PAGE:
27 December 2007

Me vs. Juan Cole on Iraq

Juan Cole is a professor at UofM and Army vet that runs a pretty rigorous blog (Informed Comment) on Iraq. While I don't agree with him since he seems to be too negative about what's happening in Iraq, I do try and read his commentary everyday. He recently published the "Top 10 myths about Iraq" and I thought he was way out to lunch IMHO. Here's my counter-retort to his post (note: in the interest of space I truncated Juan Cole's facts, see his post for the full detail).

10) Myth: The US public no longer sees Iraq as a central issue in the 2008 presidential campaign.
JC: In a recent ABC News/ Washington Post poll, Iraq and the economy were virtually tied among voters nationally, with nearly a quarter of voters in each case saying it was their number one issue.
LT Nixon: The American public has lost interest with the wars in Iraq and Afghanistan and are shifting focus to more mundane issues surrounding the presidential candidates: subliminal crosses, lapel pins, and Soviet-style hand-out programs (er socialized healthcare). This is evidenced by decline in media coverage and decline in blogospohere interest.

9) Myth: There have been steps toward religious and political reconciliation in Iraq in 2007.
JC: The government of Prime Minister Nuri al-Maliki has for the moment lost the support of the Sunni Arabs in parliament.
LT Nixon: Dr. Cole doesn't take into account the grass-roots reconciliation taking place between Sunni and Shiite tribal sheikhs in the most troubled provinces of Iraq. Like America, the central government is going to be the last one to pick up on emerging trends.

8)Myth: The US troop surge stopped the civil war that had been raging between Sunni Arabs and Shiites in the Iraqi capital of Baghdad.
JC: The civil war in Baghdad escalated during the US troop escalation. Between January, 2007, and July, 2007, Baghdad went from 65% Shiite to 75% Shiite.
LT Nixon: There is no civil war in Iraq and there hasn't been since the 2003 invasion. Violence in Iraq is best characterized by gangland-style violence and graft, scattered attacks against coalition forces by the insurgency, and a small but lethal number of foreign jihadists who engage in terrorist activity. If you're looking for the Battle of Gettysburg try somewhere else.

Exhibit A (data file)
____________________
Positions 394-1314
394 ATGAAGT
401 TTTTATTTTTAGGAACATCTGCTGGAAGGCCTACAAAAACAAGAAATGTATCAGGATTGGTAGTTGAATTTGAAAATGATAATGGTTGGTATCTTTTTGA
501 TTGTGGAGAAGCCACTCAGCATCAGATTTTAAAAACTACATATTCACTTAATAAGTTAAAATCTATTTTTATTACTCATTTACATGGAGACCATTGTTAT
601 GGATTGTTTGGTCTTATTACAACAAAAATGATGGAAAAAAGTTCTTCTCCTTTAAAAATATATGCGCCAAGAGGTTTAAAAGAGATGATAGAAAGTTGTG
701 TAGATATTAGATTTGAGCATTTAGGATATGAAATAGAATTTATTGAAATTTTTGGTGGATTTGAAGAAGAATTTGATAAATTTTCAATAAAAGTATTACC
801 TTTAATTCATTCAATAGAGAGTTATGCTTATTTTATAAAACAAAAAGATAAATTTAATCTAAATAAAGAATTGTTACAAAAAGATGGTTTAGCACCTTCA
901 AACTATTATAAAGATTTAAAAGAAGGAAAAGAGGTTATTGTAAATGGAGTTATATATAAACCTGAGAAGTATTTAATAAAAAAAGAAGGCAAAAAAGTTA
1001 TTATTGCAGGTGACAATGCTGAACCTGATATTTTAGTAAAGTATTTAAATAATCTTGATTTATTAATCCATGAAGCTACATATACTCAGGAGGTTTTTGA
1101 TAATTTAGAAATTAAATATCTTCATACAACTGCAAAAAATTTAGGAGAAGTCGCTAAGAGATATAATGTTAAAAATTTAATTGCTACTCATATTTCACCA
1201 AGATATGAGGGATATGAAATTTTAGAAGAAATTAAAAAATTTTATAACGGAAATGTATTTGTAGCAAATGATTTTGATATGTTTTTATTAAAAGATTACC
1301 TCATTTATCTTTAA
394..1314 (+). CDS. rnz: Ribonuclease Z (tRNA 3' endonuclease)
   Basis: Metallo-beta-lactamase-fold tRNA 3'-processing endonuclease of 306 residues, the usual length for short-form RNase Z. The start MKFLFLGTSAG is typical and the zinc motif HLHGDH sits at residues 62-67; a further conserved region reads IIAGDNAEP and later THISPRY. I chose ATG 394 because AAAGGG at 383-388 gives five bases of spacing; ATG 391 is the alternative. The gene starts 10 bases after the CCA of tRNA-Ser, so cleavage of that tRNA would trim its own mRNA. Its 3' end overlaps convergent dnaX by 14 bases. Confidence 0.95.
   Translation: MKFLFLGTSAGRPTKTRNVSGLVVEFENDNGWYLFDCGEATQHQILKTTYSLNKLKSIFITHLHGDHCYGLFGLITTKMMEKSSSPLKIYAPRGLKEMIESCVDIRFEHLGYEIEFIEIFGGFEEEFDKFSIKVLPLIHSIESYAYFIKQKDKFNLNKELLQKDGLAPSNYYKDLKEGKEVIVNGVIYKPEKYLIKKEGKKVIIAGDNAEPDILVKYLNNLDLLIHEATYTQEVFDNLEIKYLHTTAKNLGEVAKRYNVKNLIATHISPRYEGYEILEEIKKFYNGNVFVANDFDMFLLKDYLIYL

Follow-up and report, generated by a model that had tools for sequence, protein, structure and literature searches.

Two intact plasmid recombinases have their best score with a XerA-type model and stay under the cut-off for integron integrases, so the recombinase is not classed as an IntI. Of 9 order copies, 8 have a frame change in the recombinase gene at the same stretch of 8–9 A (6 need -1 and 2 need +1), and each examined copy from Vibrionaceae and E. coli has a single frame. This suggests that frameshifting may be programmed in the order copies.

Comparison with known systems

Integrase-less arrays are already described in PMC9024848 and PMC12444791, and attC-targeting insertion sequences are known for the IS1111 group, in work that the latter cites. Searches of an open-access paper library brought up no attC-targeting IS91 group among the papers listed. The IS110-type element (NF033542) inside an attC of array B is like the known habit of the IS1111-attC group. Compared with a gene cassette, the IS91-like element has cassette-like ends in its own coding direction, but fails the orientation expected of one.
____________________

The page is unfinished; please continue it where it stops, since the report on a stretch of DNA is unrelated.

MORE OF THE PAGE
7)Myth: Iran was supplying explosively formed projectiles (a deadly form of roadside bomb) to Salafi Jihadi (radical Sunni) guerrilla groups in Iraq.
JC: Iran has not been proved to have sent weapons to any Iraqi guerrillas at all.
LT Nixon: Agreed. However, I haven't seen any other sources that have said otherwise, not sure why this is a top 10 myth. Iranian Quds force had supplied weapons and training to Shiite militia groups, as to whether or not they have stopped remains unclear...

6)The US overthrow of the Baath regime and military occupation of Iraq has helped liberate Iraqi women.
JC:Iraqi women have suffered significant reversal of status
ability to circulate freely, and economic situation under the Bush administration.
LT Nixon: I'm not an Iraqi woman, so it's hard to say. But the senior officials in the Baath regime used women as sex slaves for their sick hedonistic pleasures. I'd say that's about as bad a violation of women's rights as it gets.

5)Myth: Some progress has been made by the Iraqi government in meeting the "benchmarks" worked out with the Bush administration.
JC: in the words of Democratic Senator Carl Levin, "Those legislative benchmarks include approving a hydrocarbon law, approving a debaathification law, completing the work of a constitutional review committee, and holding provincial elections
LT Nixon: Yes, the government of Iraq has not made much progress on the benchmarks. As a matter of fact it's been pretty abysmal. But following the end of Hajj, when the Iraqi Parliament returns to session will hopefully produce some real results. You have to remember that this government started from the ashes essentially, and our own country took years and years to iron out all the creases following our own revolution.